Deputy National leader Nicola Willis has criticised former National minister Paula Bennett for meeting with Act deputy Brooke van Velden, saying “it certainly wasn’t helpful” with van Velden neck-and-neck with National’s candidate in Tāmaki.
“I don’t answer for Paula Bennett,” Willis told Newstalk ZB’s Heather du Plessis Allan, “I thought it wasn’t helpful because I think that Simon O’Connor is a hard-working local MP.”
Willis said, “I want to see him win that electorate. I do [think he can win]. On the current public polling, he’s ahead.
“I know that local voters have seen that he’s got a track record of delivering for them locally, that he works hard on the ground, that he knows the businesses, he knows the communities.
“No, no, [I’m not going to call Bennett],” Willis said. “She left parliament a long time ago. She’s not answerable to me and she can make her own decision.”
Willis said she had “quite a bit of respect to do with her and I have respect for her”.
It comes after van Velden posted a photograph of herself with Bennett sharing some coffee and tea.
Van Velden captioned the photograph saying “[It was] great to catch up with my friend @paulabennettmp in St Heliers this morning.”
Meanwhile, Prime Minister Chris Hipkins and National leader Christopher Luxon have criticised the Electoral Commission, with an estimated 1.4 million Kiwis yet to receive their easy vote cards.
The Electoral Commission said more than 3.4 million EasyVote packs are being sent to voters with about 2 million already delivered, and the remaining expected to be delivered in the coming days.
“The Electoral Commission should have made sure voters had their easy vote cards before voting started,” Hipkins told reporters in a Zoom call today.
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The Labour leader added: “The Electoral Commission has one job, which is to run a successful election for all New Zealanders. Being this far into the election and having that many New Zealanders not have an Easy Vote card - and therefore believing they can’t vote because they don’t have it - isn’t acceptable.”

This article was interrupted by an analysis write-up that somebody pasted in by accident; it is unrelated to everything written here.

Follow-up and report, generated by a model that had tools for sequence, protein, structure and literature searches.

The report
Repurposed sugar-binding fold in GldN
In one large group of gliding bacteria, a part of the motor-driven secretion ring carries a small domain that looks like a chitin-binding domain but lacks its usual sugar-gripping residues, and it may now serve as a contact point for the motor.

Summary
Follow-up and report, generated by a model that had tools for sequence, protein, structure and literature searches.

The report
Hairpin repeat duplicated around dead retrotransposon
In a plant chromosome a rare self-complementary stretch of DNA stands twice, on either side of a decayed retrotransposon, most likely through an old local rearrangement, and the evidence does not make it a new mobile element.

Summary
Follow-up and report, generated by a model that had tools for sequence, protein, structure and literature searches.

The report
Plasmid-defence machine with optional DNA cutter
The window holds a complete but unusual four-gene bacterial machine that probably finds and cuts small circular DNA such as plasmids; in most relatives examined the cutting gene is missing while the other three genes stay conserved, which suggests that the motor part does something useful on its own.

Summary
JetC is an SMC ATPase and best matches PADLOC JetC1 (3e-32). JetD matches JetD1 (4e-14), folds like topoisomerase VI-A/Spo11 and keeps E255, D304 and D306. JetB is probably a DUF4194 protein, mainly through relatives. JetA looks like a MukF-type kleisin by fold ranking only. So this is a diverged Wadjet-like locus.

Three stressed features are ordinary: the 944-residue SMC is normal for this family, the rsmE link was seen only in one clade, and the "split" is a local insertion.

He said the Labour party secretary had raised the issue with the Electoral Commission. Hipkins said there were “a million” voters who still hadn’t received their Easy Vote packs.
Luxon also said it was “disappointing” the Electoral Commission hadn’t sent out a number of Easy Vote packs yet, and a voter had told him this morning that they were confused about whether they could vote without one.
Earlier today, Auckland Mayor Wayne Brown fired a shot at Christopher Luxon after the National Party leader sought to ease any worries about reduced transport funding by pointing to the hundreds of millions of dollars that remain in the council kitty.
Hipkins also criticised the plan, saying it’s a case of “robbing Peter to pay Paul”.
Asked about this shortfall while campaigning in Christchurch yesterday, Luxon said there was still money to continue that project while he had constructive talks with Brown after the election.
“There’s $300 million unspent at the moment in that account, that can be used to continue that project... We want to introduce ultimately a congestion charging mechanism,” Luxon said.
“Those are the conversations that we will have to make sure that it’s synced up and that it’s lined up.”
Brown’s office responded late last night: “Comments about unspent funds from the regional fuel tax miss the point. Those funds have already been committed to projects that are under way, like the Eastern Busway. Just cancelling those projects mid-delivery by cutting off the funds doesn’t work.”
Brown supports removing the regional fuel tax but only if it is replaced with other funding, without which there would be “a large pothole in the transport budget”. This would see rates rise by 7 per cent or force the cancellation of $2.4b worth of transport projects.
“That includes sensible projects like the Eastern Busway, upgrades to Lake Rd, Glenvar Rd, Lincoln Rd and Botany to Airport buses,” the statement said.
“After the election, the Mayor looks forward to sitting down with the Government, whomever that may be, and working out a plan that makes sense for Auckland.”
Luxon was responding to Chris Hipkins’ claims of further holes in National’s plans, while the Labour leader fended off National’s claims that he was about to be rolled so Labour could adopt the wealth tax and capital gains tax that Hipkins has rejected.
Hipkins, speaking from Covid-19 isolation, says he’s feeling better but is still testing positive.
“I know the Labour team has been out promoting our plan,” he said. “They’ll keep doing that while I’m isolating.”
Hipkins also mentioned the Auckland Mayor’s warning about the removal of the Regional Fuel Tax.
“It’s another case of robbing Peter to pay Paul,” Hipkins said.
“It’s too much of a risk with Christopher Luxon,” he said.
Responding to National’s criticism Labour hadn’t made any progress reducing poverty or improving health outcomes for Māori, Hipkins pointed to smoking cessation, life expectancy increases and the building of 13,000 new “public homes”.
Speaking on the Reserve Bank’s official cash rate, Hipkins said inflation in other countries “was proving to be quite sticky”.
“It’s another example of why now is not the time for tax cuts.
“Our plan is working. We are seeing inflation in New Zealand come back down again.
“It’s going to continue to trend down. A change in government will likely see inflation go up again.